Book review: Beyond the Secret Howff, by Ashie Brebner

Ashie Brebner, author of 'Beyond the Secret Howff'

Ashie Brebner

The Secret Howff is such a part of Cairngorm lore that it’s difficult to remember that until relatively recently so few people knew anything about it other than it existed… somewhere.

Now Ashie Brebner, the last remaining member of the group of friends who built the howff back in 1952, has spilled the beans in this fascinating book – and given us so much more too.

Ashie was born in Aberdeen in 1935, starting to go into the Cairngorms with his companions in the late ’40s, when many of the traditions we take for granted were just developing, and that’s what makes this such an exciting read.

Auchelie bothy, Glen Ey, Cairngorms

Auchelie in Glen Ey, 1951. Photo by George Adams

Bob Scott’s bothy at Luibeg was starting to become established as a centre of activities for Aberdeen walkers and climbers, with Bob himself very much in charge; Corrour was in regular use as a bothy, having been abandoned since after the First World War, and at the end of the 1940s it was being saved from dereliction by the Cairngorm Club. The Hutchison Memorial Hut didn’t exist at that time, but other old buildings were being used by working class climbers and walkers, such as the now ruined Auchelie and Altanour.

As well as exploring the hills on foot, they took up skiing too. With great quantities of army surplus skis coming on the post-war market, the sport had become accessible (just) to working lads, and Ashie writes enticingly of adventures up Glen Ey and on Beinn a Bhuird in those days before ski tows and pisted runs. It was all new and exciting and the massive enthusiasm which the youngsters brought to everything they did comes across well.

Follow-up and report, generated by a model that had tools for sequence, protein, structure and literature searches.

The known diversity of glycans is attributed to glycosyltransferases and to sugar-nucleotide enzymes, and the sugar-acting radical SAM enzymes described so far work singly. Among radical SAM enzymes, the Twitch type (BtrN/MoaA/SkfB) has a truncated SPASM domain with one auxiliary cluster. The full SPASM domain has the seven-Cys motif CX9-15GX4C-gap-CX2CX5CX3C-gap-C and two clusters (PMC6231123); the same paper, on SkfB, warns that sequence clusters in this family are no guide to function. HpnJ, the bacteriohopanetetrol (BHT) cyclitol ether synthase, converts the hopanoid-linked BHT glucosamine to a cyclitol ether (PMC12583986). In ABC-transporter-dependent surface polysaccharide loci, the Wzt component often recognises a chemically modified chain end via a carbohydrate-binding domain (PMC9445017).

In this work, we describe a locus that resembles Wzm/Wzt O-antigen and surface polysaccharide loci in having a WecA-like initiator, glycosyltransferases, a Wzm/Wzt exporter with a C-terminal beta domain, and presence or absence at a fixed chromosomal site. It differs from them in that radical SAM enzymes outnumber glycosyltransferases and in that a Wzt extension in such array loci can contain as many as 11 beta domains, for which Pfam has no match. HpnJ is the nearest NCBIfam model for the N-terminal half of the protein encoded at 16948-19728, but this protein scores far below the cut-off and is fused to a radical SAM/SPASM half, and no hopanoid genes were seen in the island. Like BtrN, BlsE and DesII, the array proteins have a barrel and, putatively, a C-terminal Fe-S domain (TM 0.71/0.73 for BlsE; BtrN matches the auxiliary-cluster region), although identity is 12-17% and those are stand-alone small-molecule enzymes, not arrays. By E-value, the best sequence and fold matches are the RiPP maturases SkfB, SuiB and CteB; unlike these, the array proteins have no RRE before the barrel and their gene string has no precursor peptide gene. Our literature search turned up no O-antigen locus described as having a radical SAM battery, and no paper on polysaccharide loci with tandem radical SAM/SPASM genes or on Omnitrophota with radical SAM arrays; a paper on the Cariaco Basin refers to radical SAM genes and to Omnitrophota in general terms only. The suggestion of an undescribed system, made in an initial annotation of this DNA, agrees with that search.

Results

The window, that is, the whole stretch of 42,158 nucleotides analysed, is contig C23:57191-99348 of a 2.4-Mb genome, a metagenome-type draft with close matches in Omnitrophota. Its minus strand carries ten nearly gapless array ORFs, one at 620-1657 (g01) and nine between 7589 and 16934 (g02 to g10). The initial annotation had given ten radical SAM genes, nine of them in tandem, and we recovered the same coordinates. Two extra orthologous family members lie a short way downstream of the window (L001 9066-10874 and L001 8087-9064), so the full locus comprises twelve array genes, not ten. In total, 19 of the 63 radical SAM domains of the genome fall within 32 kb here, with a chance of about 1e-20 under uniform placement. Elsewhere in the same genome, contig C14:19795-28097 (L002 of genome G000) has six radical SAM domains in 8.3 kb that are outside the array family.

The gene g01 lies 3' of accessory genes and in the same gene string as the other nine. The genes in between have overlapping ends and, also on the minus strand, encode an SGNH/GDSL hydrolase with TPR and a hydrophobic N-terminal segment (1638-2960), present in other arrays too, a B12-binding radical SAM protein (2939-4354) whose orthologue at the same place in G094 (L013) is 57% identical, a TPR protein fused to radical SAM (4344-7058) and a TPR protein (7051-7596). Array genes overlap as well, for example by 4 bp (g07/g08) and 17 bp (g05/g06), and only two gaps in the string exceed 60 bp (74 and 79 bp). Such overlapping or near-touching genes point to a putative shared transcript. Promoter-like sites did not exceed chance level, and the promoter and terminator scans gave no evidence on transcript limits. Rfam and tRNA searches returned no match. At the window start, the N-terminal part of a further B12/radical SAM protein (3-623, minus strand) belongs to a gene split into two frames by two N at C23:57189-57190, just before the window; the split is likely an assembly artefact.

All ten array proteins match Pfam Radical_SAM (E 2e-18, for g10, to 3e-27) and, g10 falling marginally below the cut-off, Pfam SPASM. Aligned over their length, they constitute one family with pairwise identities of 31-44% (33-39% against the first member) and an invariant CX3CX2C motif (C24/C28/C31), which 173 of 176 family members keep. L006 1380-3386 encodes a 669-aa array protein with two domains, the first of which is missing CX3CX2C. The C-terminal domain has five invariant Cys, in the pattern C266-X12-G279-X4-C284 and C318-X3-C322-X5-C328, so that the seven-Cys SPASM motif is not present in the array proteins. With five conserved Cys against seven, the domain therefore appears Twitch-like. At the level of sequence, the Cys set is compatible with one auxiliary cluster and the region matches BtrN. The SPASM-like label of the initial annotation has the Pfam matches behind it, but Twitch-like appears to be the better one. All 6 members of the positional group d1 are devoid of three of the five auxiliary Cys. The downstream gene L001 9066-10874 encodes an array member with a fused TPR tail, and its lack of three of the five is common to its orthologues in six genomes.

Ashie Brebner and Johnny Vigroe at Altanour woods, Cairngorms

Ashie Brebner (left) and Johnny Vigroe in the woods at Altanour after a blizzard on the tops

And of course one of those ventures was the creation of their own howff to ease access to the remote skiing and climbing corries of Beinn a Bhuird and the surrounding area. In an era before the access legislation we enjoy today, building your own hideaway in hills belonging to one of the landed gentry was a risky enterprise. An earlier bid to create a gite in the Dubh Ghleann was short-lived, the wooden structure being destroyed by estate staff.

So it was decided to get serious. Or at least that was the theory.

It has long been part of the lore that the howff builders smuggled materials past the ‘big house’ in the dead of night, sometimes getting off the bus early or late to disguise their eventual destination. In one hilarious section Ashie both confirms the basics of that lore and relates how that was only the smallest part of it, with one ‘work party’ taking on pantomime proportions as drink, darkness, paranoia and ill-preparedness combined to bring about near disaster. That story alone is worth the entry price.

However, as fascinating as the details of the howff builders and their building are, this is only one part of a much more wide ranging book which would be well worth the read even without the howff. There are other tales of walking and climbing in the ’40s and ’50s, but the tale goes into the ’60s with a new adventure.